Nutrition Careers

What do nutritionists do?

Graduates with degrees in nutrition can work in biomedical research, pursue careers in communication or public health, or work for a food company. Nutritionists who have earned the professional credential of Registered Dietitian can also work in hospitals, clinics, wellness centers, or gyms delivering care to patients/clients.

Where do nutritionists work?

Some clinical settings:

  • medical and surgical services of hospitals
  • outpatient clinics
  • private practice
  • athletic clubs and wellness centers

Nutritionists also work as consultants to professional sports teams, corporations, and restaurants.

Some nonclinical settings:

  • writing for traditional and online magazines and newsletters
  • food companies such as Kellogg and General Mills
  • university and industry-based research
  • pharmaceutical industry
  • university teaching
  • designing and implementing public health programs

What will I like (or dislike) about this work?

  • flexibility in career path
  • working with diverse group of professionals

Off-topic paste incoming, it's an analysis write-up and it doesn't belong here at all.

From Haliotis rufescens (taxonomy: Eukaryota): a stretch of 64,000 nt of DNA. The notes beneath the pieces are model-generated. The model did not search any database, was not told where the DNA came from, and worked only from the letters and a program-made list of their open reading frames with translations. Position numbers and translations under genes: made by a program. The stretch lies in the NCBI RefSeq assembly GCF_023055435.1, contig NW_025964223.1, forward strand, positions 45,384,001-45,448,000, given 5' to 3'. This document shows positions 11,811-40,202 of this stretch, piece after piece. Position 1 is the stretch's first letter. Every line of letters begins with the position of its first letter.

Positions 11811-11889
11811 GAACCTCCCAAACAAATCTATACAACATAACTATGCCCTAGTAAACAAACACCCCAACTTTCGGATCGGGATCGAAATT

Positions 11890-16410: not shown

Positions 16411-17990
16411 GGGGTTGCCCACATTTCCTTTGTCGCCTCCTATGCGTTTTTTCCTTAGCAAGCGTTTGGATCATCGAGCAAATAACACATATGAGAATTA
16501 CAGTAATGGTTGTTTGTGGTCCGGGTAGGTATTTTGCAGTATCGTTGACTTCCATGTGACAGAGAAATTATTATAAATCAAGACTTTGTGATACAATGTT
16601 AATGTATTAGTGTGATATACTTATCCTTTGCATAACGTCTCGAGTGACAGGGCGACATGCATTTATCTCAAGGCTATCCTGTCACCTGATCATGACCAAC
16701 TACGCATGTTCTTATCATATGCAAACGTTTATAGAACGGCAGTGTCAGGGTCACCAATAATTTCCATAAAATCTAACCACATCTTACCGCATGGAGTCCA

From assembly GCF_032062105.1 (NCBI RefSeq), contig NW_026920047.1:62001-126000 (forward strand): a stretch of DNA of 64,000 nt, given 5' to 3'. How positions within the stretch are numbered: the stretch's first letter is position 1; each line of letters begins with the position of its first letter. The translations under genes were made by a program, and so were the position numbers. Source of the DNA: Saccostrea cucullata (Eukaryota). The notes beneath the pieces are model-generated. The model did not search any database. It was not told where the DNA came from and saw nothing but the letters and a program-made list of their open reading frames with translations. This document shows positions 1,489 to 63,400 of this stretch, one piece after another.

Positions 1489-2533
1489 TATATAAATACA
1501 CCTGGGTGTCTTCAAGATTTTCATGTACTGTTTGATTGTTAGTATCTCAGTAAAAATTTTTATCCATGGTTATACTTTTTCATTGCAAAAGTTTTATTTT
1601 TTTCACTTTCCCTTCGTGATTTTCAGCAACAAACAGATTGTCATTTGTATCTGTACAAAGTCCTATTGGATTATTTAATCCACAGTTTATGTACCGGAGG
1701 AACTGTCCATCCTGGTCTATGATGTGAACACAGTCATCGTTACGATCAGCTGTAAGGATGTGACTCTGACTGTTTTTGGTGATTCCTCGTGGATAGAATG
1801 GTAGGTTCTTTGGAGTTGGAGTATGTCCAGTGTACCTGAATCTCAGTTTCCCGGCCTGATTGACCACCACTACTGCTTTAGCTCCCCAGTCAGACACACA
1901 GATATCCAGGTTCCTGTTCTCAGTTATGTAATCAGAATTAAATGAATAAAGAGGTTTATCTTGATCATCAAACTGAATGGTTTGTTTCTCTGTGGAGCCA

• very low unemployment
  • flexibility in hours worked

How is the job outlook?

According to the U.S. Bureau of Labor Statistics Occupational Outlook Handbook (2016-2017): “Employment of dietitians and nutritionists is projected to grow 15 percent from 2016 to 2026, much faster than the average for all occupations. In recent years, interest in the role of food and nutrition in promoting health and wellness has increased, particularly as a part of preventative healthcare in medical settings.

What are the educational requirements?

  • bachelor degree (minimum)
  • clinical jobs require Registered Dietitian status, entailing a bachelor degree, some specific courses, an internship, and a national exam
  • licensing requirements vary by state

Which Sargent College Programs apply?

Undergraduate Programs

Graduate Programs

For those with a background in nutrition

For those without a background in nutrition